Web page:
New project works with tribes to build adaptive capacity

Wednesday, September 18, 2013

Photo from GLISA

New grant awarded to NE CSC Consortium Insitution College of Menominee Nation through the Great Lakes Integrated Sciences and Assessments Center (GLISA) to work with regional tribes in the Upper Great Lakes region in developing climate change adaptation planning scenarios. 

Synopsis: Climate change could weaken the connections between tribal traditional knowledge and the ecology of their homelands. Traditional knowledge is seen as an important contributor to climate adaptation planning for both American Indian communities and neighboring communities in the region. This project addresses the challenge of how specific tribes can adapt to climate change in ways that ensure the protection of tribal cultures and harness cultural resources, as well as integrate the best scientific resources about environmental change, address emerging social problems, and negotiate jurisdictional challenges unique to federally-recognized tribes.

The topic of this project concerns the challenge of how specific tribes can make plans for adapting to climate change in ways that ensure the protection of tribal cultures and harness cultural resources (like traditional ecological knowledge), integrate the best scientific resources about environmental change, address emerging social problems, and negotiate jurisdictional and other legal challenges unique to federally-recognized tribes. We refer to processes of “making plans” as processes of “foresight.” Our topic, then, concerns the challenges involved in establishing tribal foresight processes the meet the cultural, scientific, social, jurisdictional and legal goals just enumerated. Our project proposal explores two questions:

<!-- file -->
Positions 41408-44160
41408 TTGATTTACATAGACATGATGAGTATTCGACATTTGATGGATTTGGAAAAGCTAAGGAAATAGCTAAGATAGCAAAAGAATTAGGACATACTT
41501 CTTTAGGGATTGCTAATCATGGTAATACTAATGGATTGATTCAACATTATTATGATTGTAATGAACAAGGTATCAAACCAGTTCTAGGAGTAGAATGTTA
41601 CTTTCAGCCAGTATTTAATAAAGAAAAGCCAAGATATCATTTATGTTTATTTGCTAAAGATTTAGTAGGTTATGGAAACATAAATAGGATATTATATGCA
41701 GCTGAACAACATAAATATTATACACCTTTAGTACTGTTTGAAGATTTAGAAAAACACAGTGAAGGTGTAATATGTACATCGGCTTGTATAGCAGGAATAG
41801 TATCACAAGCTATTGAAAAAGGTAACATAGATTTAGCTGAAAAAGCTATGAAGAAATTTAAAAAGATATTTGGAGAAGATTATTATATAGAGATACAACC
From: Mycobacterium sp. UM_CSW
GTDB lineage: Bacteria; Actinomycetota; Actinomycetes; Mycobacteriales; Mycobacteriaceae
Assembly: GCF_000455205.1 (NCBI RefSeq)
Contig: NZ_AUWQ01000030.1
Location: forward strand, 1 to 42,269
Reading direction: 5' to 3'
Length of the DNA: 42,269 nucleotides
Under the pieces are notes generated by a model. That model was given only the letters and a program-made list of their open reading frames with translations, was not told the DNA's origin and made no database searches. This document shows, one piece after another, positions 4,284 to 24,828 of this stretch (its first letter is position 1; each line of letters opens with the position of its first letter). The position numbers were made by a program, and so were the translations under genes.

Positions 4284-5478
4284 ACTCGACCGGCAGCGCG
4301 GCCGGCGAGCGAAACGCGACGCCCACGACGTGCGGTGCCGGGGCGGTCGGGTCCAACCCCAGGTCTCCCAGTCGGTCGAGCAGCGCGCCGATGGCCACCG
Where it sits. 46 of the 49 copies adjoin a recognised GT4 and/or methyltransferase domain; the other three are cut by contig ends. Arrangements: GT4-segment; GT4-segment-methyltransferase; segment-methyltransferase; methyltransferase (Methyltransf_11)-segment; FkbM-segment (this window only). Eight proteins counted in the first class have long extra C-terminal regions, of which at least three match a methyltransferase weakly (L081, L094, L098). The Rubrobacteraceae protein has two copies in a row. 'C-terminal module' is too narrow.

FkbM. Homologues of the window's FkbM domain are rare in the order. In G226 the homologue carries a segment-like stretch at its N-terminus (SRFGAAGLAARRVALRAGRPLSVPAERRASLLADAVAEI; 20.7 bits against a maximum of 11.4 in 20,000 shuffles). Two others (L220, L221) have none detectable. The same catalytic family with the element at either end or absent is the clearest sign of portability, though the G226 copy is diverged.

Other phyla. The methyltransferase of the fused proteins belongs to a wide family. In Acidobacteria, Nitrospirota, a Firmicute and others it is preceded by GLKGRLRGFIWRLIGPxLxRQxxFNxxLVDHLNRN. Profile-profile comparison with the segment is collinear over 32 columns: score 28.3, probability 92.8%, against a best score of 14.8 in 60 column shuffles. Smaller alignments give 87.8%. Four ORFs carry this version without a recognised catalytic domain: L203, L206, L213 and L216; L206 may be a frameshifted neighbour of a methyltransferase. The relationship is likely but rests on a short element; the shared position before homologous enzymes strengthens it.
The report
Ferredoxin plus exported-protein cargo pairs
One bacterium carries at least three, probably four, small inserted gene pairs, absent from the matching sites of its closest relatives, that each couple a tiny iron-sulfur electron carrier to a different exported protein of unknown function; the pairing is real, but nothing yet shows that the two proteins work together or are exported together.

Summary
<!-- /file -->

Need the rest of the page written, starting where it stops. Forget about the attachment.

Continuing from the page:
(1) Can foresight processes be used to create viable climate adaptation scenarios that can help tribes build capacities in advance?
          
    

(2) Can foresight processes involving tribal leaders and natural resource staff in the agencies and departments of federally-recognized tribes garner sufficient community member involvement for building scenarios that reflect tribes’ cultures, social situations, knowledge needs and resources, and jurisdictional and legal complexities?
 


To explore these questions, our proposal will initiate community stakeholder engagement processes of foresight for 2-3 tribal communities who are part of the network of the Center for First Americans Forestlands, the lead boundary organization for this project.